General electric is uninvestable – general electric company (nyse ge) seeking alpha gas company


It doesn’t take much for bottom fishers to get excited about General Electric ( GE). An underperforming cyclical business and rock bottom share prices are definitely an alluring combination for those looking to capitalize on the stock’s “cheapness.”

A while back I stated that General Electric’s stock could get interesting at $18 . This was when the stock traded at $30. Since then, shares have declined well past the $18 level to as low as $13 before coming back recently on the back of the restructuring story getting more traction. Despite this general optimism towards the company’s ongoing restructuring efforts, I believe that the company is now uninvestable. Restructuring Hoopla

General Electric is definitely making a lot of noise. The company is aiming for $20 billion of asset sales, and the management is considering “ all options .” A part of the management’s grand plan was unveiled this week with the announcement of a merger between the company’s transportation unit and Wabtec ( WAB). Based on the stock’s positive movement on Monday, it is clear that investors are buying the narrative that the management is righting the ship.

Amidst this noise, it would appear that investors have completely forgotten about the company’s deteriorating financials. Let’s not forget that the company has been in perpetual restructuring mode over the past several years. Yes, Immelt is out and Flannery is in, but I have yet to see any changes that would unlock shareholder value. The market is forward looking, so clearly investors are expecting that the Flannery-led restructuring efforts will yield good results, but I believe that such an optimistic outlook is unwarranted.

A core pillar of the company’s restructuring strategy is divestitures and spin-offs. It is generally accepted that spin-offs can create shareholder value. However, let’s not also forget that mergers are supposed to create value too! Every situation is different, and I think it is silly to think that spin-offs and divestiture will automatically generate wealth for shareholders. In fact, some analysts have pegged the break-up value at just $11-$16/share, which isn’t so far from the current price of $15.26.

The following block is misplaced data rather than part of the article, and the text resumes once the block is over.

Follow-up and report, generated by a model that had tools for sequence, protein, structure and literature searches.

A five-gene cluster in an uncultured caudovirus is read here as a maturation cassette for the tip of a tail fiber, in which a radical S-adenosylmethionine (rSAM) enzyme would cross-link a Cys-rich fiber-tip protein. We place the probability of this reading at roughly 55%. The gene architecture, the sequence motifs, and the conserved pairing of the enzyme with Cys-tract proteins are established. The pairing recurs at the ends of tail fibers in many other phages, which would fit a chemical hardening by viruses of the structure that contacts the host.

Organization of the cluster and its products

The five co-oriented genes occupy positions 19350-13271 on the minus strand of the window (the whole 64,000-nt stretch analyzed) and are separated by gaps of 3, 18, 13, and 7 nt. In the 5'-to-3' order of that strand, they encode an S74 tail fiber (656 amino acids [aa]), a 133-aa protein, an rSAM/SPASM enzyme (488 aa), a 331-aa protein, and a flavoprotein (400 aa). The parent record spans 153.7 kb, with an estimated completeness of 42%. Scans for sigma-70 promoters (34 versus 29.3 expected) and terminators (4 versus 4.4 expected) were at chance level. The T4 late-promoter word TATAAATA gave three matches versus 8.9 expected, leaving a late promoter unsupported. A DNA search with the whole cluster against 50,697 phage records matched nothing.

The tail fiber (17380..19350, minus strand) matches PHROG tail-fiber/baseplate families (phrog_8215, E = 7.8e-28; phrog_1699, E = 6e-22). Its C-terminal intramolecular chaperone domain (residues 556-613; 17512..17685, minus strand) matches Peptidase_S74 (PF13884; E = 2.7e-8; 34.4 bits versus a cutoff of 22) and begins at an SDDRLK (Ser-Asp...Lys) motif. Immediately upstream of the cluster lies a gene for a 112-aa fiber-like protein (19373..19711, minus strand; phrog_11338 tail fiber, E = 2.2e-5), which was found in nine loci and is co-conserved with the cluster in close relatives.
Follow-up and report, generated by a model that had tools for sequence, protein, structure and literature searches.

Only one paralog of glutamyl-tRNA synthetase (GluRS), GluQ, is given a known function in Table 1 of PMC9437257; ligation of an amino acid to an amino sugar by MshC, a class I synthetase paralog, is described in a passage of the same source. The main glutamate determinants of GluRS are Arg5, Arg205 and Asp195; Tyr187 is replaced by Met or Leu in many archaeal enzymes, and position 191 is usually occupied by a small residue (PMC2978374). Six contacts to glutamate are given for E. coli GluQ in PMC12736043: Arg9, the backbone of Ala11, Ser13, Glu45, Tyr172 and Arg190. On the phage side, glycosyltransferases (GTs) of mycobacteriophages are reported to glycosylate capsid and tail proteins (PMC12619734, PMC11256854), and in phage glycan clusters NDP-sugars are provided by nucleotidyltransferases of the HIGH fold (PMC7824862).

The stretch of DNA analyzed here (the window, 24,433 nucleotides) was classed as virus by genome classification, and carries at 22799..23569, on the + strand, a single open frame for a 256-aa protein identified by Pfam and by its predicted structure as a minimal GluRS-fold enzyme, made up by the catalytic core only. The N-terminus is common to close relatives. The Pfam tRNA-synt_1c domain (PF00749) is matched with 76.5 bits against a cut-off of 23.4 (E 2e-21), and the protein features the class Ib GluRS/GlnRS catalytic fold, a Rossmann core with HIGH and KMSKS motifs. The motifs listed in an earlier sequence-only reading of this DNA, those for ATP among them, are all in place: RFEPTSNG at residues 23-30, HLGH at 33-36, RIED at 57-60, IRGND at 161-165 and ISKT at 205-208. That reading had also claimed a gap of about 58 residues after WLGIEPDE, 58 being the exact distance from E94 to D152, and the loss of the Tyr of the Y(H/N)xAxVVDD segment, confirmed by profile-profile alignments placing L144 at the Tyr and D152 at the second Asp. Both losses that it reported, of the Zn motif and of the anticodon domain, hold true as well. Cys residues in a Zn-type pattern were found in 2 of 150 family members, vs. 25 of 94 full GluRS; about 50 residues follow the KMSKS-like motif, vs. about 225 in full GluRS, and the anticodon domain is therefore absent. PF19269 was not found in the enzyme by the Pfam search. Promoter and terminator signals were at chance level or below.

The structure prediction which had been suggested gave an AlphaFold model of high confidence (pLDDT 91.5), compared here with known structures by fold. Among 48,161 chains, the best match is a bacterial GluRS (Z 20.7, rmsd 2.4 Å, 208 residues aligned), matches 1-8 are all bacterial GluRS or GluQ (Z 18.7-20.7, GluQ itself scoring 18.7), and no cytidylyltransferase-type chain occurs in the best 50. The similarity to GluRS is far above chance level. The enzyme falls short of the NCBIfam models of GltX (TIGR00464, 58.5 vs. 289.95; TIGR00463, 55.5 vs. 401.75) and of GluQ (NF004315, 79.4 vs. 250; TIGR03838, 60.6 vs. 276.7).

The reason for my pessimism is due to the fact that GE isn’t suffering from a valuation discount right now, a problem that spinoffs could cure should the spun-off entities get repriced. The company trades at a 16x current year earnings multiple despite a negative earnings trend, with adjusted Industrial plus Verticals EPS (i.e. excluding the prior insurance adjustment, tax reform, and other restructuring charges) down 30% year over year in 2017 from $1.49 to $1.05. Let’s not forget that the insurance adjustment IS a real loss because ultimately those losses will be paid in cash.

To see how General Electric spinoffs will fail to generate substantial value we need to look no further than the newly announced Wabtec merger. General Electric will receive $2.9 billion in cash but will contribute GE transportation at a valuation of just $10 billion (including the $2.9 billion of cash receipt).

GE Transportation generated $824 million of segment profit in 2017, down from $1.064 billion in 2016. If we average of the two years, the transaction EV/EBIT multiple is roughly 10.6x. However, the management is quite optimistic about a rebound in the business, stating that the segment’s revenue and adjusted EBIT will grow at a double-digit CAGR through 2019. So really, the forward multiple is likely below 10x. At Wabtec’s 23% tax rate, my estimated EPS multiple for this transaction is somewhere around 13x. However, since GE is not handing over any debt, Wabtec has the opportunity to apply additional leverage to make the valuation even cheaper. All of this compares poorly to the aforementioned 16x current year earnings multiple, which implies that this deal will likely be dilutive .

Why would General Electric shed GE transportation at such a depressed valuation despite a supposedly bright future? I believe that either the business is expected to do poorly contrary to the current projection by the management or that the management is incapable of making intelligent decisions. Neither of these bode well for General Electric over the long-term. Analyst Praise

Readers can find some analyst comments here on Seeking Alpha . I came away unimpressed. Many praised this transaction despite evidence to the contrary (i.e. low valuation). Furthermore, some analysts seem to contradict what the management is saying. For example. An RBC analyst states that “ the removal of this capital-intensive and secularly challenged business is still a net positive overall for GE’s portfolio transformation.” This seems to imply that the business is at a peak rather than a trough as implied by the management. However, even if the RBC analyst is correct in that we are looking at peak earnings rather than trough earnings, then the value of GE’s share of Wabtec will decline accordingly. There is literally no way for GE to win here. If you are optimistic about GE Transportation then it’s obvious that GE left money on the table; if you are bearish then the segment’s current earnings are overstated, meaning that GE’s consolidated earnings (including GE transportation) will look even worse than it is today.